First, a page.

Read recollections of slave auctions in the interviews with the former slaves listed below. What data about the sale of slaves can you gather from these stories? What inferences can be drawn from these stories?
The Experience of Slavery
A number of the narratives depict slavery as a benign institution or, in some cases, even benevolent. Often a narrative, such as the interview provided by Gus Smith, portrayed a tranquil life on a particular plantation with a benevolent master while contrasting it with the life for slaves on an adjoining plantation owned by a cruel master:
. . . My master let us come and go pretty much as we pleased. In fact we had much more freedom dan de most of de slaves had in those days. He let us go to other places to work when we had nothing to do at home and we kept our money we earned, and spent it to suit ourselves. We had it so much better den other slaves dat our neighbors would not let their slaves associate with us, for fear we would put devilment in their heads, for we had too much freedom. . . .
Our closest neighbors was de Thorntons. Ol’ man Thornton did not allow his slaves to go no place. He was a rough man, a low heavy set fellow, weighed about one hundred and sixty pounds. He was mean to his slaves. He whupped dem all de time. I’ve seen their clothes sticking to their backs, from blood and scabs, being cut up with de cowhide. He just whupped dem because he could.
Sarah Ford described life on Kit Patton’s Texas plantation as relatively benign. She relates that, on Patton’s death, the slaves were turned over to his brother, Charles Patton, who owned an adjoining plantation. There, the slaves were subjected to harsh treatment from a black overseer:
I guess Massa Charles what taken us when Massa Kit die, was ‘bout de same as all white folks what owned slaves, some good and some bad. We has plenty to eat—more’n I has now—and plenty clothes and shoes. But de overseer was Uncle Big Jake, what’s black like de rest of us, but he so mean I ‘spect de devil done made him overseer down below long time ago. Dat de bad part of Massa Charles, ‘cause he lets Uncle Jake whip the slaves so much dat some like my papa what had spirit was all de time runnin’ ‘way. And even does your stomach be full, and does you have plenty clothes, dat bullwhip on your bare hide make you forgit do good part, and da’t de truth.
One account expressed regret that slavery had ended. In the interview an elderly woman explained that the beatings she and her husband received made her a better person:
. . . Mah ole man has stripes on his back now wha he wuz whipped an ah wuz whipped too but hit hoped me up till now. Coase hit did. Hit keeps me fun goin aroun here telling lies an stealin yo chickens.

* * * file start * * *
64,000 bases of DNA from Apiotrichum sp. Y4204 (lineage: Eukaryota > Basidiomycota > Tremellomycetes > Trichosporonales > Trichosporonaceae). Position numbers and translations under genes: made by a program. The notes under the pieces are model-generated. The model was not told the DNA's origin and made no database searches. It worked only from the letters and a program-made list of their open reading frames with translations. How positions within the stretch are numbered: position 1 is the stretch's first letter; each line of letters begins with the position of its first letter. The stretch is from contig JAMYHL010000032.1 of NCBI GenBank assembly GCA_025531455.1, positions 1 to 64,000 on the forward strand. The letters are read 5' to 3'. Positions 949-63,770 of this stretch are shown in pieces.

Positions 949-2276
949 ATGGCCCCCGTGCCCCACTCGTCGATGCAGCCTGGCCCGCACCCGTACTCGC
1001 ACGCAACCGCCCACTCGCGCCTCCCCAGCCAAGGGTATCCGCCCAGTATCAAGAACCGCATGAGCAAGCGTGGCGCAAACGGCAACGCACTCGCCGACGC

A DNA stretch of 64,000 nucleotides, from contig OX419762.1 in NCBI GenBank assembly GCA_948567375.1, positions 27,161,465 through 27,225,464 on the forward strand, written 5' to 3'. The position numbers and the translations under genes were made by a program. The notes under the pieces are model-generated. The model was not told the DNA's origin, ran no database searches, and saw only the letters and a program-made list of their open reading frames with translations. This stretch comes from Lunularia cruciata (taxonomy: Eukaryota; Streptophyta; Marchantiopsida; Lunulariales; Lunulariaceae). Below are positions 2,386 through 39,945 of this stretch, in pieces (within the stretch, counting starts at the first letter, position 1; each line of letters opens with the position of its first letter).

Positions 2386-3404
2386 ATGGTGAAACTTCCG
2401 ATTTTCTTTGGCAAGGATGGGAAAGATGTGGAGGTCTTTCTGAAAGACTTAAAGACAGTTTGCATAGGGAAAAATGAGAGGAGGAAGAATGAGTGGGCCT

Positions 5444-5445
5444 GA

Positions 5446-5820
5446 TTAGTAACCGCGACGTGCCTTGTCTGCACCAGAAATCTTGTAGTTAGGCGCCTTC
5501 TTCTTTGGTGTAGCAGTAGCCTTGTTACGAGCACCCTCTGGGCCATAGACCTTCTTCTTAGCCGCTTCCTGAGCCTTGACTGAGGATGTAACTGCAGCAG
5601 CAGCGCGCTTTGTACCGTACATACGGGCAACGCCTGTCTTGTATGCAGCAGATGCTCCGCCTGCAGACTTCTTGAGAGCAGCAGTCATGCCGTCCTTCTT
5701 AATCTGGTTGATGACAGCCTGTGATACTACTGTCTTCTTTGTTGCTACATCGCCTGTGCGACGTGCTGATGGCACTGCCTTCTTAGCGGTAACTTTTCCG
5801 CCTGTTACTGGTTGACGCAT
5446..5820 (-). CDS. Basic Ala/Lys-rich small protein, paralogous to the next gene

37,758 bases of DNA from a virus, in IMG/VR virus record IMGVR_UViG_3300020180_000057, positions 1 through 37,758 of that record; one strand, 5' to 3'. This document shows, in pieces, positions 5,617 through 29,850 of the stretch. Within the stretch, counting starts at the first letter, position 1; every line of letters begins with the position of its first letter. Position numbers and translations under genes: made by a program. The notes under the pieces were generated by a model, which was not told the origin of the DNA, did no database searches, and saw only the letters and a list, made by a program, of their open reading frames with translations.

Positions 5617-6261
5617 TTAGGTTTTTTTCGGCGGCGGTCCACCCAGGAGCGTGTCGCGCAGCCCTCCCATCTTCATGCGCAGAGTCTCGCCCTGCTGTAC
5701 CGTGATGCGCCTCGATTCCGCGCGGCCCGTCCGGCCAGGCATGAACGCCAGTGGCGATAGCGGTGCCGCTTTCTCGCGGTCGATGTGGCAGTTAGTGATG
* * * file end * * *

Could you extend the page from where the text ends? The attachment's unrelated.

- Why might former slaves have spoken nostalgically about slavery?
- Why might so many of the former slaves interviewed have reported that their own life was relatively easy but conditions on nearby plantations were harsh?
- Read the two sections of the introduction to the collection dealing with bias in the interviews: “The Limitations of the Slave Narrative Collection: Problems of Memory” and “The Limitations of the Slave Narrative Collection: Race and Representativeness.” How do these essays shed light on the positive responses given by some ex-slaves?
In contrast to those interviewees who described humane circumstances, many interviewees recalled extremely trying circumstances under slavery. Mingo White was separated from his family as a child, sold to a slave-owner in Alabama. His interview reveals a longing to be free and the premonition that freedom would soon be forthcoming. He described the beating of a slave who was caught praying for freedom.
. . . Somehow or yuther us had a instinct dat we was goin’ to be free. In de event when de day’s wuk was done de slaves would be foun’ lock in dere cabins prayin’ for de Lawd to free dem lack he did the chillum of Is’ael. Iffen dey didn’ lock up, de Marsa or de driver would of heard ‘em an’ whupped ‘em. De slaves had a way of puttin’ a wash pot in de do’ of de cabin to keep de soun’ in de house. I ’members once ol’ Ned White was caught prayin’. De drivers took him nex’ day an’ carried him to de pegs, what was fo’ stakes drove in de groun’. Ned was made to pull off ever’thing but his pants an’ lay on his stomach ‘tween de pegs whilst somebody stropped his legs an’ arms to de pegs. Den dey whupped him ‘twell de blood run from him lack he was a hog. Dey made all de han’s come an’ see it, an’ dey said us’d git de same thang if us was cotched. Dey don’t ‘low a man to whup a horse lack dey whupped us in dem days.
White was not the only interview subject who described whippings:
. . . Ben Heard was a right mean man. They was all mean ‘long about then. Heard whipped his slaves a lot. Sometimes he would say they wouldn’t obey. Sometimes he would say they sassed him. Sometimes he would say they wouldn’t work. He would tie them and stake them out and whip them with a leather whip of some kind. He would put five hundred licks on them before he would quit. He would buy the whip he whipped them with out of the store. After he whipped them, they would put their rags on and go on about their business. There wouldn’t be no such thing as medical attention. What did he care. He would whip the women the same as he would the men.
Interviewees described grueling work schedules. Amanda McDaniel recalled working even as a child:
Our folks had to get up at four o’clock every morning and feed the stock first. By the time it was light enough to see they had to be in the fields where they hoed the cotton and the corn as well as the other crops. Between ten and eleven o’clock everybody left the field and went to the house where they worked until it was too dark to see. My first job was to take breakfast to those working in the fields. I used buckets for this. Besides this I had to drive the cows to and from the pasture. The rest of the day was spent in taking care of Mrs. Hale’s young children. After a few years of this I was sent to the fields where I planted peas, corn, etc. I also had to pick cotton when that time came . . .